President Obama had the best week of his career last week, with victories on trade, fair housing, healthcare and marriage equality that cemented his legacy. But instead of taking a victory lap, he capped his week with a eulogy in the form of a sermon on grace.
Black churches have figured prominently in my thoughts lately. On Stonewall Sunday, going through my Twitter feed, I found a joint Father’s Day sermon delivered the week before by the Revs. Otis Moss II and III at Trinity United Church of Christ in Chicago. In addition to being LGBT-affirming, Trinity is famous for its tradition of prophetic preaching, thanks to video loops of its previous pastor, Jeremiah Wright, that roiled the 2008 presidential campaign.
Near the close of Justice Anthony Kennedy’s marriage opinion, he gave a nod to Jim Obergefell: “As some of the petitioners in these cases demonstrate, marriage embodies a love that may endure even past death.” Outside the court, Obergefell held a photo of his late husband and took a call from the president. The Gay Men’s Chorus of Washington sang “The Star-Spangled Banner,” tacitly embracing the words above the court’s entrance: “Equal Justice Under Law.”
The act of domestic terror that took the president to South Carolina later that day was intended by its perpetrator to start a race war. As Obama noted, however, when Dylann Roof murdered pastor and state senator Clementa Pinckney and eight other members of Charleston’s Emanuel A.M.E. Church at a Bible study meeting, he did not account for the power of grace.
The Revs. Moss the previous Sunday spoke of prophetic grief, of how inhabiting another’s pain can lead to healing. Understandably, some were not ready for such talk. Before healing, they wanted justice. I think this misreads the forgiveness by the families of the fallen. They were not surrendering, nor calling for the killer’s release. They urged him to repent. He appeared too warped by hate to receive their wisdom; but they refused to give in to hate.
These members of a storied black congregation had welcomed a white stranger because of their faith: “For I was hungry and you gave me food, I was thirsty and you gave me drink, I was a stranger and you welcomed me.” (Matthew 25:35) Their grace in the face of terror and grief had the rare effect of shifting the nation’s political ground. Within days, a movement swept the South to remove the banner of treason and slavery from its places of honor. The campaign feels like a long-delayed last battle of the Civil War.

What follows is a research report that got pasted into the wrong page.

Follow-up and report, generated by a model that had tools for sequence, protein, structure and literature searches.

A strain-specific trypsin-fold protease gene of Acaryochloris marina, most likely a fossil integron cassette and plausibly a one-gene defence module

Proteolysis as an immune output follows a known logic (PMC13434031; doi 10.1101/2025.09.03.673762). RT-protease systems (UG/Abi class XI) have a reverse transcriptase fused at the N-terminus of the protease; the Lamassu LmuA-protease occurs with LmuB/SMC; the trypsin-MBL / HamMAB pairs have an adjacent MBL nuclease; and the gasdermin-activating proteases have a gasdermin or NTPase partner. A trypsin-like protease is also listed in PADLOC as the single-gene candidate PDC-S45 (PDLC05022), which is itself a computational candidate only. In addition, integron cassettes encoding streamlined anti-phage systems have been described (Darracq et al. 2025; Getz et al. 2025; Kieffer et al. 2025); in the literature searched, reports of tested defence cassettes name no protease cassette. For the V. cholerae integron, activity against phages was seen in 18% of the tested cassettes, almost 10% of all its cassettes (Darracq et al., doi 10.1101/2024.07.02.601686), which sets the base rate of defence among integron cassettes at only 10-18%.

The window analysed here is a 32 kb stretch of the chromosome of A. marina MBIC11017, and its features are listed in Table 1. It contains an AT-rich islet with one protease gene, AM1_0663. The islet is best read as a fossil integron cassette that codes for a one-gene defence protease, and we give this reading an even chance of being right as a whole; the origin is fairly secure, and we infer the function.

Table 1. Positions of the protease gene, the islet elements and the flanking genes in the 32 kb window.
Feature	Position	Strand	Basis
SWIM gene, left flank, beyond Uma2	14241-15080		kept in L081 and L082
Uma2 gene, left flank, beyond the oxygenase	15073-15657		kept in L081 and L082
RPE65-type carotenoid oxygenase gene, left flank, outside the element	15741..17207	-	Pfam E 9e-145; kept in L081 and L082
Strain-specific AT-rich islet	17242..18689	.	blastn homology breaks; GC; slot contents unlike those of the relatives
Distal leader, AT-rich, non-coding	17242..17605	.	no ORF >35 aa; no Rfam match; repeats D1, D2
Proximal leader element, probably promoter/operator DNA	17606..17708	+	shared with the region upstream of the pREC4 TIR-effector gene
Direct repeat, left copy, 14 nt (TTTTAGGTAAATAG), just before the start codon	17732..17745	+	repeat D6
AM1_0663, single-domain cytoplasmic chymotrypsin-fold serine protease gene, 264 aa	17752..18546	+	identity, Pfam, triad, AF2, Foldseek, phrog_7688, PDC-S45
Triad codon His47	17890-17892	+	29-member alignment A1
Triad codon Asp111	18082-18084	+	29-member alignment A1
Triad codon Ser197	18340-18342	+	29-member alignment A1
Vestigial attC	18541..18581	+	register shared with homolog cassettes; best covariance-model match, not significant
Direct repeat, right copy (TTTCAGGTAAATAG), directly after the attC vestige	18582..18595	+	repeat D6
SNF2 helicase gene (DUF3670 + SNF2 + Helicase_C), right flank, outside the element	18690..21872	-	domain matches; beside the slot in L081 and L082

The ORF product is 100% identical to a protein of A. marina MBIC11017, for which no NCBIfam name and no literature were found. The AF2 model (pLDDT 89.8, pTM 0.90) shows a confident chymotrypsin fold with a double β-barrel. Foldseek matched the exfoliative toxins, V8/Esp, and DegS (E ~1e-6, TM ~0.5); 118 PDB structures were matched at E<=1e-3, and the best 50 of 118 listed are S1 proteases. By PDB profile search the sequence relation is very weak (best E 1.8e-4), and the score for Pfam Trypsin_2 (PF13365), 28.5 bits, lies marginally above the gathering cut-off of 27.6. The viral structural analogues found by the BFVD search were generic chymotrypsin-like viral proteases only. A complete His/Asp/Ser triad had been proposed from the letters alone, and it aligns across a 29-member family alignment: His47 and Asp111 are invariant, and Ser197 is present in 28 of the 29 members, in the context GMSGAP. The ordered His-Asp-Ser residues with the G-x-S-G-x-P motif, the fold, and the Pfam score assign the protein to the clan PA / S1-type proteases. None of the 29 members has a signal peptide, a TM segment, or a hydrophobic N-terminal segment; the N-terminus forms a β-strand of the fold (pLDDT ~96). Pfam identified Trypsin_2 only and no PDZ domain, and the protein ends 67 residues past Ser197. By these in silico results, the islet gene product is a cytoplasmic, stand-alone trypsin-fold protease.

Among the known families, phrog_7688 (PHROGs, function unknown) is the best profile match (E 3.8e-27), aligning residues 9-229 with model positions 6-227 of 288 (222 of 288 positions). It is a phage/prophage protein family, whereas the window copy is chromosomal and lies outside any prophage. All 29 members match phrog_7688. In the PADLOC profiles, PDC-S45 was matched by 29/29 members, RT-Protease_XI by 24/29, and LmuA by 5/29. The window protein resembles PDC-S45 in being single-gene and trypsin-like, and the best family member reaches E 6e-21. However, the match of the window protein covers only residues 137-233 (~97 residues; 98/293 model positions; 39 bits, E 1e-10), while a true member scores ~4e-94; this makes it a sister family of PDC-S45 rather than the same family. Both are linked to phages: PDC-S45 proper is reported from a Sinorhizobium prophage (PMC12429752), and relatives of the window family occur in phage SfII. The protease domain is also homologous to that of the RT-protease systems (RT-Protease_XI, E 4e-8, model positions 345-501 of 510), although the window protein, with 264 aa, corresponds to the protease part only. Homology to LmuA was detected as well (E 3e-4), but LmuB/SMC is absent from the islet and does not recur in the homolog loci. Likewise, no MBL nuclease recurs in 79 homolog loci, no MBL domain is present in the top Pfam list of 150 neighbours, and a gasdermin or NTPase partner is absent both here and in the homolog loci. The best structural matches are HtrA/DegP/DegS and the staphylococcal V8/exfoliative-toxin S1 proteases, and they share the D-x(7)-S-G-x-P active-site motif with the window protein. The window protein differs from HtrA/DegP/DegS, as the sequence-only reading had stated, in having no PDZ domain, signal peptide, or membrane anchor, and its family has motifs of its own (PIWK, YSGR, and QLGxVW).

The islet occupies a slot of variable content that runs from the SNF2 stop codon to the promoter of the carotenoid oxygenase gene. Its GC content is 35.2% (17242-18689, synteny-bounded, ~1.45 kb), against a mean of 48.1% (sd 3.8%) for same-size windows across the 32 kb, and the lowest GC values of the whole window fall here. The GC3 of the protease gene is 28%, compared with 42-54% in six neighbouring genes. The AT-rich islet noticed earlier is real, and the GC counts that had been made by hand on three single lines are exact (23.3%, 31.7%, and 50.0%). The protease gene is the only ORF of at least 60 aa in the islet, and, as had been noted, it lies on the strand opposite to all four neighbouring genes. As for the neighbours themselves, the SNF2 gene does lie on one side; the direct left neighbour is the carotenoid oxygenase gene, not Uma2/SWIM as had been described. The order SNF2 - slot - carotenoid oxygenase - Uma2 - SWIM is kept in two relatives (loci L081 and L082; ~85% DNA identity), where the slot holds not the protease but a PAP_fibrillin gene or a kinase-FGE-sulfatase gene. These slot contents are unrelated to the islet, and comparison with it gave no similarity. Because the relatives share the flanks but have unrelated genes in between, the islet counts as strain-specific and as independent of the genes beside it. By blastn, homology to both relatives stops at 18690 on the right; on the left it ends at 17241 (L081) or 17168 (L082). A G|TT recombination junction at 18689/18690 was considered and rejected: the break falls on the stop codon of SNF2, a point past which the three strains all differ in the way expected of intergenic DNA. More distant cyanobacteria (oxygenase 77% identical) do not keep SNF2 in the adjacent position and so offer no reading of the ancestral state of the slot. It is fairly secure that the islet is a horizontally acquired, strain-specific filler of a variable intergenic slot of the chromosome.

The Fourteenth Amendment, ratified on the heels of the Union victory, provided the basis 150 years later for a landmark ruling for same-sex couples citing its Due Process and Equal Protection clauses. Try as we might to separate our struggles, our history throws us together, as illustrated by Kennedy’s citations of the 1967 decision in Loving v. Virginia ending state bans on interracial marriage. Obama said of Pinckney, “Clem understood that justice grows out of recognition of ourselves in each other.”
The president began to sing “Amazing Grace,” and the organist and congregation joined in. A few days earlier, state senator Paul Thurmond, son of a segregationist, had said of the rebel flag, “I am not proud of this heritage.” In his eulogy, the president brought up America’s obsession with guns. An issue long untouchable was made approachable by a tragedy’s exposure of the dirty secret that our gun fixation is substantially fueled by white supremacy.
The marriage victory required decades of work by countless people. More work remains, from transgender and immigrant rights to police reform, employment protections, and rebuffing the false pose of victimhood by religious bullies.
Recognizing our kinship in a rancorous era, and summoning the civility to work together, is a challenge. Some will be lulled, despite the narrow 5-4 decision, into a sense of historical inevitability.
Progress, like grace, is not guaranteed to us. Our natural instinct is not to welcome those unlike us, as the martyrs of Mother Emanuel did that Wednesday evening, not far from the docks where their ancestors arrived in chains. We have much to learn from their unconquerable spirit.
Richard J. Rosendall is a writer and activist. He can be reached at email@example.com.
Copyright © 2015 by Richard J. Rosendall. All rights reserved.